"Don't you have anything else on your to-do list for the day, Paris? Like kicking puppies maybe, or taking candy from babies?"
"Hello, ladies," Louise Grant said as she sashayed up to the two bickering girls, but she stopped short as she sensed the tense air between them. "Did someone break a nail?"
"For your next birthday, maybe you should skip the nose job and have your Daddy buy you some priorities," Paris suggested harshly.
"I have priorities. That's why I'm getting the nose job," Louise sneered.
Rory rolled her eyes. "Louise, do you have a copy of the assigned book for Medina's class?"
Louise nodded, plucking it off the top of her small stack of class supplies with her perfectly manicured hand. "Sure."
"Do you mind if I borrow it?"
"You don't have your assigned reading done?" Paris asked, aghast at the notion.
"Paris, no one finished reading that thing. It's boring," Louise informed her.
"I've read it five times," Paris retorted.
"Of course you have," Louise said sadly, before fixing her fashion-focused eyes on Rory. "I'm surprised you haven't finished it yet. Oh, or did you get back together with that fine, tall drink of water boyfriend of yours?"
Paris eyed Rory warily. It was clear she wanted to know the answer as well. Rory stiffened at the mention of Dean. The only way he'd want to date her again was if she could offer up the three words he wanted to hear in return from her. She handed the book back. "Never mind. I have to go."
"Okay, that was weird," Louise said as Rory skittered down the hall.
"Yes, it was," Paris said as she took off at a speed-walker's pace after Rory, who was halfway to Max Medina's classroom. "Did you get back together with Dean?"
Rory glanced over her shoulder. "Why would you even remotely care?"
Paris scoffed. "I don't. It's just you're being weird. Weirder than normal, I mean," Paris buffered the comment with just slight, as was her trademark.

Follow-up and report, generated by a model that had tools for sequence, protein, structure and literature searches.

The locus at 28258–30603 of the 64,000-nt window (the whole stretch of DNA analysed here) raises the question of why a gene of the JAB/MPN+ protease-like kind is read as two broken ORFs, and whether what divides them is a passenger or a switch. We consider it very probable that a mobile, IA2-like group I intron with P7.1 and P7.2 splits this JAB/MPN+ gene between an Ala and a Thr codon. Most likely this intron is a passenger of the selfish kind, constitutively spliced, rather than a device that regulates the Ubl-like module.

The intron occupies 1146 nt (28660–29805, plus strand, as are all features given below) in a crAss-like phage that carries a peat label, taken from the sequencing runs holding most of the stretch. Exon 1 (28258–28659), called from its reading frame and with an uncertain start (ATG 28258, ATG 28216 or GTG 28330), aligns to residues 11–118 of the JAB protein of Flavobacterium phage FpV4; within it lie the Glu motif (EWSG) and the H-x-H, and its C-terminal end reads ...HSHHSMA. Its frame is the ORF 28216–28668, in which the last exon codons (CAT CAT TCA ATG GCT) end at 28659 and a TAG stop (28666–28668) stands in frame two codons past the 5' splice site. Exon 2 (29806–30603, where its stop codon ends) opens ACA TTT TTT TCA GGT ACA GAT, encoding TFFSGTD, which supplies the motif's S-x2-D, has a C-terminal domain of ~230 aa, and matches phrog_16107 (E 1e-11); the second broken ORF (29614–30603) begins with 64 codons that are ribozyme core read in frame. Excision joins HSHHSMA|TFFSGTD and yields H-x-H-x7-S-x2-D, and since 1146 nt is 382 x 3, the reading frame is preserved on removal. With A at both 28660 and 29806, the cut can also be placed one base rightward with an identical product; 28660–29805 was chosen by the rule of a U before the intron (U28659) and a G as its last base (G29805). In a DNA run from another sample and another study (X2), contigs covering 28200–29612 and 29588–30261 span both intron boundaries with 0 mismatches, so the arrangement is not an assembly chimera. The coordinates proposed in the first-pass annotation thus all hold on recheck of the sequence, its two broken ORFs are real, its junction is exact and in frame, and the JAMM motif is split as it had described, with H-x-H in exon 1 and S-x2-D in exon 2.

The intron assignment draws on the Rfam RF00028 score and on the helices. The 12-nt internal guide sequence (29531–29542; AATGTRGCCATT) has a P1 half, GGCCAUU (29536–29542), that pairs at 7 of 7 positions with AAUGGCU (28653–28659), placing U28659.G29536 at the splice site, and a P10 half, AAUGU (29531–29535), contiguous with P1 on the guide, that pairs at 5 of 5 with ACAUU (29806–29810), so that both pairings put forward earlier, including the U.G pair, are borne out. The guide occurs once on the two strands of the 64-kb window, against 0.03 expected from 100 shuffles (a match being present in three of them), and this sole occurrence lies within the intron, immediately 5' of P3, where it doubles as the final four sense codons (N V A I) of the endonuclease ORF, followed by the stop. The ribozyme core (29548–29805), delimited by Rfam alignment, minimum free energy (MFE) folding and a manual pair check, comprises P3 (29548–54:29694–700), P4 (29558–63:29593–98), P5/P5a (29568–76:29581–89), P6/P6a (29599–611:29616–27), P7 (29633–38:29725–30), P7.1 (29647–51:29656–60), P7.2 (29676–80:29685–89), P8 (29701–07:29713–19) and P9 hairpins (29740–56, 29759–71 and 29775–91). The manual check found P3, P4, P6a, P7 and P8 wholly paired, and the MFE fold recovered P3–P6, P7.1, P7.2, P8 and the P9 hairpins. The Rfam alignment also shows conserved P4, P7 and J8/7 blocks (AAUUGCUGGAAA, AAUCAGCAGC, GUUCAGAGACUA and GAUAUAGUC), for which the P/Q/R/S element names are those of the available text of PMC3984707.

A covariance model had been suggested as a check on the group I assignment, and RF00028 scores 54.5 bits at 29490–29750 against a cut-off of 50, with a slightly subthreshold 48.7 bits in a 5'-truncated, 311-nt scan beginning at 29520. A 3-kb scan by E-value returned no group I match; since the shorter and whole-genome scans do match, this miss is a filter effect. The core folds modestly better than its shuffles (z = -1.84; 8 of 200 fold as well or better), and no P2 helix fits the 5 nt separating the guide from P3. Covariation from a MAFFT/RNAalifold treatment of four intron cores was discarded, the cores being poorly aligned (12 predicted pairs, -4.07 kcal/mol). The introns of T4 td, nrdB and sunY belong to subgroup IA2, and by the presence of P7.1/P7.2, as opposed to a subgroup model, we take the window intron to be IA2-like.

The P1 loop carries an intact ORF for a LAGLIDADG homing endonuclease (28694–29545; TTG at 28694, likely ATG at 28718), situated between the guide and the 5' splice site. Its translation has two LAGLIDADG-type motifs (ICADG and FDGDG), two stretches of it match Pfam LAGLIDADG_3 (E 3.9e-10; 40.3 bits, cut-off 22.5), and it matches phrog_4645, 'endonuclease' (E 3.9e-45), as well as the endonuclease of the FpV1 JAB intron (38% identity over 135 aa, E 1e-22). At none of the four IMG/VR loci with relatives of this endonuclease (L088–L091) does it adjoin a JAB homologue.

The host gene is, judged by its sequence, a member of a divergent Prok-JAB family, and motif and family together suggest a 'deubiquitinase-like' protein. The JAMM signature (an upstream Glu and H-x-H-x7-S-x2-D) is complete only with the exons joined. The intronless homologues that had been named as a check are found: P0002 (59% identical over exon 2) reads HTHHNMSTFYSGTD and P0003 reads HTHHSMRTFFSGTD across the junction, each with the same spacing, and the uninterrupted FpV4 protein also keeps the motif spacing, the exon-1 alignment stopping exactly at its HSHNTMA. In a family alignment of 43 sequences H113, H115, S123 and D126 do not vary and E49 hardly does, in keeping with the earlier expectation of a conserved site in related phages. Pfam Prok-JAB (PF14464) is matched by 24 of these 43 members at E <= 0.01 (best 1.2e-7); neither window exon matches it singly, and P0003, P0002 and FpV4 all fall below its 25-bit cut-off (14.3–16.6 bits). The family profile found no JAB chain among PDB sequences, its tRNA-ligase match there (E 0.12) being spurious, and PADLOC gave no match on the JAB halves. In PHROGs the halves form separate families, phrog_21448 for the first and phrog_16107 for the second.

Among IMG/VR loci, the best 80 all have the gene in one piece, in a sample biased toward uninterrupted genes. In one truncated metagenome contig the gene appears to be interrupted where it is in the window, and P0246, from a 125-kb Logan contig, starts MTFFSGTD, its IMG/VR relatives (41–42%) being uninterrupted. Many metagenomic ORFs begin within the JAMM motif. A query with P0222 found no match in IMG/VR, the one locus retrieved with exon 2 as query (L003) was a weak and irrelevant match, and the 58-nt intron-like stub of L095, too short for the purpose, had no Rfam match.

"I think Madeline and Louise are starting to rub off on you. Pretty soon you'll be reading best sellers and wearing glitter nail polish," Rory warned.
"You didn't ride the bus," Paris blurted out, ignoring Rory's last comment.
Rory spun on one heel to face Paris. "Excuse me?"
"You ride the bus in from your Mystic Pizza-esque town, right? Or have you mastered teleportation?"
"It's my science fair project," Rory evaded, her sense of humor as dark as the rest of her mood. "Sometimes I end up at Chuck E. Cheese, but most of the time I get it right."
"But today you walked. I saw you, coming from the opposite direction of the bus stop."
"Are you stalking me now?" Rory asked with narrowed eyes, beyond irritated to still be discussing the matter, with Paris of all people.
"Like I have nothing better to do than follow you around?" Paris asked, incredulous at the thought. "I couldn't care less what you do."
"Then act like it. We are not friends, Paris; you've made that abundantly and pain-stakingly clear."
Paris stiffened. "I have better things to do."
Rory gestured for the other girl to go away with a wave of her hand. "Then go do them."
Paris flounced off around her, into the same room that Rory needed to enter. Rory took a deep breath in and out before turning around and coming face-to-face with her Lit teacher.